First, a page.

London-based designer Torsten Sherwood is at it again with his latest work, NOOOK.
NOOOk are cardboard discs with a hinge in the middle that can be used as building blocks to create fluid constructions.
When he told us about his clever design, we were keen to find out more.
How did you come up with this idea?
“I set myself the brief to design a new construction toy, but one that’s built at a larger scale for making dens and forts, basically mini architecture.
“The architectural designer in me a saw deeper side to this otherwise playful brief — ‘what if LEGO wasn’t a brick?’
“While I have a huge amount of admiration for LEGO’s simple and ultra efficient system, building a real building out of LEGO is kind of difficult. Larger bricks are just not that suited to play.
“What it required was a completely new typology, that kept the inherent efficiency in the LEGO system but worked in a completely different way.
“My solution was simple cardboard discs with a hinge in the middle. Instead of tessellating like LEGO they overlap, which means that construction is not dictated by a specific geometry but far more fluid; A really useful property in a construction toy where you want building to be easy, free and open-ended.”
Tell us more about how the discs work.
“The discs can create edges (by aligning the hinge) or flats (by offsetting them) and with this simple combination an almost limitless array of faceted forms can be made at an ‘architectural scale’.”
Why did you choose to make the discs out of cardboard?
“After testing a variety of materials, I chose cardboard for structural reasons. It’s incredibly strong for its weigh, an important property when building large structures, but despite its seemingly disposable nature a durable heavy duty cardboard is a perfect fit for a children’s toy.
“The anecdote that children often play more with the cardboard box the toy comes in than the toy itself caused me to wonder what made the box so useful for play and why wouldn’t a designer try to mimic these properties?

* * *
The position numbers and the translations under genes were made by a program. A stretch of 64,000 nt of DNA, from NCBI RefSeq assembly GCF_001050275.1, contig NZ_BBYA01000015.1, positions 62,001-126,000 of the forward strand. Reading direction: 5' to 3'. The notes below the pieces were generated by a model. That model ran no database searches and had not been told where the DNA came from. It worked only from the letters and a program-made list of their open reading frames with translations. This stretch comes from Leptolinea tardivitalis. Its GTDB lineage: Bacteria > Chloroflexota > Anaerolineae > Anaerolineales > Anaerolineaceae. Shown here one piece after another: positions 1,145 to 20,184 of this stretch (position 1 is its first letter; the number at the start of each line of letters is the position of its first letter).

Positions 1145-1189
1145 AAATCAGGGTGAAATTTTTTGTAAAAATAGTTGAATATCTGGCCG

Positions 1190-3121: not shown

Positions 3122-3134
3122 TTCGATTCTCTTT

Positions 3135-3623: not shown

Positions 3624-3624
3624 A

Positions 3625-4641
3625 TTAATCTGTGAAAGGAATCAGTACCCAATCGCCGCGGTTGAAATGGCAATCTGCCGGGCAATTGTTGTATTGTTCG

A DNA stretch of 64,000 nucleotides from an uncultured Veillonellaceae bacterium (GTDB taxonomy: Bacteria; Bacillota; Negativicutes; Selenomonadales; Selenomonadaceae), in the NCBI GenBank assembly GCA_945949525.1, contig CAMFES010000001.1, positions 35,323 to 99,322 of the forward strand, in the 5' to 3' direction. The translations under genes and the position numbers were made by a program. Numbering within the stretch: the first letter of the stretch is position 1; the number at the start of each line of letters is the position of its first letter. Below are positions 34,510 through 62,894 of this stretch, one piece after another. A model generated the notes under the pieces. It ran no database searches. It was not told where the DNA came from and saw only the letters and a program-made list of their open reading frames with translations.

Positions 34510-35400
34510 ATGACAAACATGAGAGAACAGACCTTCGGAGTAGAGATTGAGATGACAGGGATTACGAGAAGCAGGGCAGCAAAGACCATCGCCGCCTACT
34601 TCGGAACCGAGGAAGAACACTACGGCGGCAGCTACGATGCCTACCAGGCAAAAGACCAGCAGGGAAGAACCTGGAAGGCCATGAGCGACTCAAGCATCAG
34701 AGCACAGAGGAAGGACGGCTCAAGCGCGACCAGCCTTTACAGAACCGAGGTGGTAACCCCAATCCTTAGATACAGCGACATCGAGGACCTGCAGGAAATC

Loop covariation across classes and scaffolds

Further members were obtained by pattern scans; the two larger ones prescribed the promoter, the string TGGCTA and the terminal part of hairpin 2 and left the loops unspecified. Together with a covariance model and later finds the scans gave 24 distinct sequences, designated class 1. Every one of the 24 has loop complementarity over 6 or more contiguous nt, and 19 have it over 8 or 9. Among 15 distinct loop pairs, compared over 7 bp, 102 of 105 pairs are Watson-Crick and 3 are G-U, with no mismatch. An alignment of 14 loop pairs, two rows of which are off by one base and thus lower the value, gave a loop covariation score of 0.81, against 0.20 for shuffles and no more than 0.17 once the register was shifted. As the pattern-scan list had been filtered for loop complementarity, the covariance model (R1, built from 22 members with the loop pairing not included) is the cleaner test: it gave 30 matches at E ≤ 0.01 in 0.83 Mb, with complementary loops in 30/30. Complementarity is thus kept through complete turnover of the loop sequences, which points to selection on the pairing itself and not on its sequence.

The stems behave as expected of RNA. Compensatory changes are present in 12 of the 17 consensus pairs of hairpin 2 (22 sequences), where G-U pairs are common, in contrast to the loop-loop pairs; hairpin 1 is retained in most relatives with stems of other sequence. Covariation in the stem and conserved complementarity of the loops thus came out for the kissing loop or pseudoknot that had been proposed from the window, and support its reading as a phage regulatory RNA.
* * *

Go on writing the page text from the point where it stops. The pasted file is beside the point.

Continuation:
“It occurs to me that it is exactly because the box is ‘throw away’ that it is so valuable for play, children can truly play freely without worrying about breaking anything.
“Of course the toy needs to be sufficiently durable and the cross laminated heavy duty cardboard I use demonstrates this but it also has the qualities that it could be very low cost and environmentally friendly, creating a product with an appropriate life span for a children’s toy.
“The result is a design that isn’t precious, but is very considered and I believe this is incredibly appropriate for children.”
How did this opportunity with Design Museum London come about?
“While exhibiting my furniture at the Salone Satellite in Milan [for Milan Design Week], the Design Museum appointed me one of four Designer in Residence. We were each commissioned to produce new work that will be exhibited in the museum between September 2014 and March 2015.”
At the moment your design is on exhibition, what hopes do you have for NOOOK?
“For the moment the initial application for this idea is as a children’s toy and I wish to develop this into a commercial product.
“The idea also has application as a partitioning system a bit like a structural version of the Kvadrat Clouds but could have proper architectural application if developed further.”
We can see Torsten’s NOOOK being a huge hit with the kids and wish him all the success in making this a commercial product!
To see more of Torsten’s work, check out our Top 4 Chairs from Milan Design Week story where his Homage chair was featured.